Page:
Black Knights at the Court of Ferdinand IV (1989)
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|The whole idea of this recording was to merge the wonderful melodies of the Neapolitan style from southern Italy, so melodic and romantic, with prog rock type of arrangements. I thoroughly enjoyed making this album although I was not happy with the mixes that I felt could have had better results if it had been mixed using a food blender.|
|If you understand Neapolitan Italian, then this is for you!|
|Little Known Trivia|
|After the recording I discovered that my air ticket back from Italy was not from Naples but from Rome and the only way I could get there was to bribe a train official at the station and get the overnight midnight cargo train to Rome and then walk along the tracks for the last mile from the sidings just outside Rome. I slept in a wooden carriage for the four hour journey with piles of newspapers, bottle of wine and a goat.|
Alan Morgan on 23rd October 2003 [Other reviews]
Looking at the Italian sounding name on the cover of this made me think that we were in for something very classical sounding, and maybe even an operatic album. This is not the case at all. Mario Fasciano has a voice very similar to the Great 70s sound of PFM (anyone remember them?). This is a really good prog rock album, which interweaves the Neapolitan sound with rick's excellent keyboards almost as if the'd been working together for years. My old copy still gets played on my Radio Show regularly.
Solomon Eagle on 8th January 2003 [Other reviews]
Hmmm...I was dubious at first, having picked this up in my local second-hand record shop in Tokyo. Rick and some unknown chappie (to me at least - apologies to everyone who's heard of Mario Fasciano!), putting together an album about a King and Court I've never heard of. Hmmm. Just shows how wrong you can be - this is classic Wakeman, on a par with 'Six Wives' or 'Arthur', and doesn't deserve the neglect it's fallen into...why hasn't it been re-released? The subject matter, the language (Neapolitan, is it?), the playing - all of these things conspire to make it a kind of 'Arthur' for the Nineties; by that, I mean that Rick's Keyboards and his ideas of what a song/track should be had changed but he still managed to capture not only the essential 'Rickness' of the subject, but also provided a perfect foil for Fasciano's lyricism and romanticism. In short, a classic: all you RW fans out there, hunt this down and enjoy...
Marco Guarato on 20th November 2000 [Other reviews]
Please take note, everyone of you, that the lyrics of the album are not in Italian - it is Neapolitan, so you couldn't be able to understand it even if you are learning Italian. Mario Fasciano is Neapolitan as well - and I think this is why the album is so unique: the baroque, redundant renaissance style of our Rick goes directly into the baroque, redundant mediterranean style of Neapolitan popular music, creating a brand new style that you only can define TRULY progressive. Also note that in Italy the album has been almost completely unsold - strange things happen under the sun of Napoli!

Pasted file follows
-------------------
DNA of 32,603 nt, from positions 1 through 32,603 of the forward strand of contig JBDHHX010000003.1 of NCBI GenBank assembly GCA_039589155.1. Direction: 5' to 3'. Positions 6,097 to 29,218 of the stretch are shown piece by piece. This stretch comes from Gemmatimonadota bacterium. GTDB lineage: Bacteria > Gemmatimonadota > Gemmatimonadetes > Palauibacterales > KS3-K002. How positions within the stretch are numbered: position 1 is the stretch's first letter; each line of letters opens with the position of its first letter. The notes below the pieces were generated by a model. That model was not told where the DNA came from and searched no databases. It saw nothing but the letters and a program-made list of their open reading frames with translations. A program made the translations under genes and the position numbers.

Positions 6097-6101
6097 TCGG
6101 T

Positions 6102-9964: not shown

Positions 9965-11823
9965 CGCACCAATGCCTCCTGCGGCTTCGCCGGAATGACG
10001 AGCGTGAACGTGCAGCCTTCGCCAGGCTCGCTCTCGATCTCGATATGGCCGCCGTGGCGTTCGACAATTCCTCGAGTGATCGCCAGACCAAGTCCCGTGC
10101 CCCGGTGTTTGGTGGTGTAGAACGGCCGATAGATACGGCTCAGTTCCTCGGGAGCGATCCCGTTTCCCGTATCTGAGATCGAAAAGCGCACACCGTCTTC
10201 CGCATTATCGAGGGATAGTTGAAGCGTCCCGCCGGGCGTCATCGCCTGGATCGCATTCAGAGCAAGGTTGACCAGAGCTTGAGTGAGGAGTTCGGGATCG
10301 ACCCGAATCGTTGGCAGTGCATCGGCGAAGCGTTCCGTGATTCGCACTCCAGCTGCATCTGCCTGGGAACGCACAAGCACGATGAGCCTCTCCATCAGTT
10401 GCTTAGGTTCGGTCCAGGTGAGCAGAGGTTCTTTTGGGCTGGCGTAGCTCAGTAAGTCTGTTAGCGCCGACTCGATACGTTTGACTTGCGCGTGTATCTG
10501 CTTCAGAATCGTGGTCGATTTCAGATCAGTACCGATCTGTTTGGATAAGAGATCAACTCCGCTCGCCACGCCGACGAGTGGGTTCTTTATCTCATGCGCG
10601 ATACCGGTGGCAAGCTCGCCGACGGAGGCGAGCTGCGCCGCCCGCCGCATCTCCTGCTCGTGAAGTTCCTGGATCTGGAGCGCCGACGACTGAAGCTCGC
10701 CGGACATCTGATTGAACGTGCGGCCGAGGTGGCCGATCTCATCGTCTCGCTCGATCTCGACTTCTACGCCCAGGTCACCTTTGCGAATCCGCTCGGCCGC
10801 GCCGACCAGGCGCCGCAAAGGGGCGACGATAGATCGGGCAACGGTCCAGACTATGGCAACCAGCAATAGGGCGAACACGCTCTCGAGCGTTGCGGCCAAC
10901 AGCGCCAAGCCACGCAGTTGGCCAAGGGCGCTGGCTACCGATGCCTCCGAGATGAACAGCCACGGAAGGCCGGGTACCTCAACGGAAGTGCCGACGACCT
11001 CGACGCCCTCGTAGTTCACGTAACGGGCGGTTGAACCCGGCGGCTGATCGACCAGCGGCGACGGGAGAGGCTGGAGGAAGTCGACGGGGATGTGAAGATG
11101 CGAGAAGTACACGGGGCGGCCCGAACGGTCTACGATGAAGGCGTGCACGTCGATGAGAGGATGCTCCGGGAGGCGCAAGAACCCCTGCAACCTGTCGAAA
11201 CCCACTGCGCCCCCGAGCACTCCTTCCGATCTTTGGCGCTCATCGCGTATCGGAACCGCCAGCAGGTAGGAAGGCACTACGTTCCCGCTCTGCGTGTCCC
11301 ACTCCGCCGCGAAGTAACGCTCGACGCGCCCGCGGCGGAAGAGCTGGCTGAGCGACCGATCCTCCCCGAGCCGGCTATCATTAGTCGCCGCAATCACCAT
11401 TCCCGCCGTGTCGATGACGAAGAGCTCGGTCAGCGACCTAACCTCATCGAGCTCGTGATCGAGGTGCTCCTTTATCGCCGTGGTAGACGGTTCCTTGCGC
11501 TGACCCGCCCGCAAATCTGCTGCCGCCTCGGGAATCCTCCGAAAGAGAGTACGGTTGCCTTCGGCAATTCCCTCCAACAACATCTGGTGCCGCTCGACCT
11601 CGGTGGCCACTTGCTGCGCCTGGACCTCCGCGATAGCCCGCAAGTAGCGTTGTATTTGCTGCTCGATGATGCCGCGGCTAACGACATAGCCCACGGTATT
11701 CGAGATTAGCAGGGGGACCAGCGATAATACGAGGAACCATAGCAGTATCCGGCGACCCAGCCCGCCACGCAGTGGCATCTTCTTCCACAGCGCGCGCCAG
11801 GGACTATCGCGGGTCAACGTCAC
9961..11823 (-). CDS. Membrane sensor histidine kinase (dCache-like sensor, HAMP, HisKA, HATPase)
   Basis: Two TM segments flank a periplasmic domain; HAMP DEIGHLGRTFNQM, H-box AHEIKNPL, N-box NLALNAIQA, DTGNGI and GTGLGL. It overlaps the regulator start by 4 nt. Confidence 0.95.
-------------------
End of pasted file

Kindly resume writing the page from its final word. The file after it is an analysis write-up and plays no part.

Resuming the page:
Bjorn Olaf Syvertsen on 22nd May 2000 [Other reviews]
This album is quite nice, with some very nice and melodic pieces. If you want Rick to play nice SONGS, then this is one of the obvious albums to go for. The singer is ok, and the arrangements as well. But the strongest part of the album is truly the melodies. Very few Rick fans have noticed this album. Perhaps they should.
Julian Simpson on 23rd July 1999 [Other reviews]
I have never taken much notice of song lyrics & hence have always thought them to be irrelevant to my enjoyment when listening to music. Black Knights (lyrics in Italian) would seem to disprove this view. Unable to understand a single word - I find the songs difficult to enjoy. I must also admit to finding the voice of Mario Fasciano somewhat bland. However I do enjoy the instrumental passages - although I would not consider them to be amongst Rick's best work. [Could anyone supply a translation of the lyrics on this album - I would be very grateful?]
Armando Betancourt on 15th July 1997 [Other reviews]
Rick's Third Royal Masterpiece. Lyrics in Italian (not included, unfortunately!), and excitingly close to the very best Italian progressive bands. In a rock trio format, Rick gives ample space to guitars and singer/drummer participation. Half of the tracks are great instrumentals. In a league by itself, "Black Knights..." shouldn't be overlooked!